Social licence is an important consideration for industry, Norwegian delegate says
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Without available, factual information, misleading or incorrect statements can be accepted, Myhra said.
Similarly, withholding information and citing commercial sensitivity is a sure path to difficult public relations, he added.
Myhra pointed to the controversy around fracking and public disclosure of the chemicals used in fracking fluids as an example.
“To be honest myself, if I had companies that were putting things down in the ground that didn’t want to make public what was in the liquid they were pumping down, I would be skeptical (of) that,” he said, explaining it gives the impression of there being something to hide.
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A surge of anti-fracking initiatives in the United States has been a challenge for oil and gas producers.
In such cases — where issues are polarized into “for” and “against” — Thomas Murphy, co-director of the Marcellus Centre for Outreach and Research at Penn State University, said factual information is particularly important for public debate.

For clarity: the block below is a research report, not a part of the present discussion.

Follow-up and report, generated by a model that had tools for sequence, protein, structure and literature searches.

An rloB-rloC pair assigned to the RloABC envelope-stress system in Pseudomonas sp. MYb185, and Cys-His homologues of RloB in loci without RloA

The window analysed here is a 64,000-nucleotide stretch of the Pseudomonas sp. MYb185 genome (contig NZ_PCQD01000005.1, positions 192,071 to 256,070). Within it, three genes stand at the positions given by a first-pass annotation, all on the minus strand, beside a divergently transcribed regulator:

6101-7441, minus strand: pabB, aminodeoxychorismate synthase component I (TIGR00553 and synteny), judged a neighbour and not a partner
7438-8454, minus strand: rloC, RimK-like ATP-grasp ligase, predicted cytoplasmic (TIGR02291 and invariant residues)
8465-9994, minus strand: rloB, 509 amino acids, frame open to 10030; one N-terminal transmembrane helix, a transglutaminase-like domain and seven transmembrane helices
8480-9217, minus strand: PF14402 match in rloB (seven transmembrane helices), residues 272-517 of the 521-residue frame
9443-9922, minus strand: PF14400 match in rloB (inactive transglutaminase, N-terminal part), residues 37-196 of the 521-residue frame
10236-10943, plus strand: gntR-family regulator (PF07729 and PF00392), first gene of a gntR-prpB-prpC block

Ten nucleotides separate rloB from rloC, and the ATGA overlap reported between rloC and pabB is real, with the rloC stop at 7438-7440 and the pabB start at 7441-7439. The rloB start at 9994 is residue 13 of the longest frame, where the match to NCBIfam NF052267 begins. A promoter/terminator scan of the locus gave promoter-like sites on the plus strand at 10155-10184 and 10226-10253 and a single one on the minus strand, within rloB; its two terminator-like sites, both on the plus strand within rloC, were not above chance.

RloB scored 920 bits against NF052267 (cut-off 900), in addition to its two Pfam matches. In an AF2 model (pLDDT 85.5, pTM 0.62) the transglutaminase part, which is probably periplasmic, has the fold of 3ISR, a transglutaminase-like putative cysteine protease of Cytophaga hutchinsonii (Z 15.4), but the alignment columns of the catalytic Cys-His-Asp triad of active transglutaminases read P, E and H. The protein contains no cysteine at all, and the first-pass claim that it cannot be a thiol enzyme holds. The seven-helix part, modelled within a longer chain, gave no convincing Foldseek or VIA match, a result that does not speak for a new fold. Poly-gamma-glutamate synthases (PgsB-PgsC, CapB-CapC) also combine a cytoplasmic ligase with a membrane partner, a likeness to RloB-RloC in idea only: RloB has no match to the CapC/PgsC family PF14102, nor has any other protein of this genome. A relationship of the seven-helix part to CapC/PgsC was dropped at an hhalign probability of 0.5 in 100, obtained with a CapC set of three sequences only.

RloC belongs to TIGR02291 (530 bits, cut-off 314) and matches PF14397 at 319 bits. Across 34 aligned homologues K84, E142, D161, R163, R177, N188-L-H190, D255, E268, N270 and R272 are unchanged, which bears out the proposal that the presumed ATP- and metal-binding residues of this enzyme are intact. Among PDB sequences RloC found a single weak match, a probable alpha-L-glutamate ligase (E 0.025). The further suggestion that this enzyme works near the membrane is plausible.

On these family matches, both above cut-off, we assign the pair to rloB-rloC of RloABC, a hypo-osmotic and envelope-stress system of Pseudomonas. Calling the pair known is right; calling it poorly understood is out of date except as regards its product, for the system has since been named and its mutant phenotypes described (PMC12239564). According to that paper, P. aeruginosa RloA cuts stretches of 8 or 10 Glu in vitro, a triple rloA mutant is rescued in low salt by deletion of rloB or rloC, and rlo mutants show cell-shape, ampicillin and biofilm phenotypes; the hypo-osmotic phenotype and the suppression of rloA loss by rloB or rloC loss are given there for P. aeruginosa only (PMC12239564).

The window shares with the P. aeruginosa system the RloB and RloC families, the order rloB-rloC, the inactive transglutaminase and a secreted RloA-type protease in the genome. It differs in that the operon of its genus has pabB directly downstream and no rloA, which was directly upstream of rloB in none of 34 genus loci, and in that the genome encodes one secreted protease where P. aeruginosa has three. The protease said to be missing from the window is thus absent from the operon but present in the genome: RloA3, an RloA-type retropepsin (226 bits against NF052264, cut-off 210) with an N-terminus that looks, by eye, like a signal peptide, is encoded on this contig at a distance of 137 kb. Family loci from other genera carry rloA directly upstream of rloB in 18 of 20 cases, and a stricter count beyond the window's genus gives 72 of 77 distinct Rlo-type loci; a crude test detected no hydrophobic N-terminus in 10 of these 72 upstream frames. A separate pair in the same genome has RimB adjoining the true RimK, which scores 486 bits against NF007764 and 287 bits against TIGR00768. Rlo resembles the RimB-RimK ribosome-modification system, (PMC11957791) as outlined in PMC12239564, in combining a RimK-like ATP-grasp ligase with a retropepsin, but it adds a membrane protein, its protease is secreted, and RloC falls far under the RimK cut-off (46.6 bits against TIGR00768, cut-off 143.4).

“As academics, we have a more neutral voice in the discussion,” he said, promoting a general push for greater energy literacy.
Researchers at Penn State have been tackling the fracking issue. They recently published a study conducted, Murphy said, at “complete arm’s length from industry.”
The report is available online, through the Centre for Rural Pennsylvania, a state legislative agency.
Meanwhile, when asked about reaching younger audiences with information on the oil and gas industry, Bruce Beaubouef, managing editor of Offshore magazine, suggested three recent webcasts Offshore hosted with a senior representative of BP are a good example of what can be done.
Forums such as town halls and online webinars were also recommended as pathways for information and public outreach.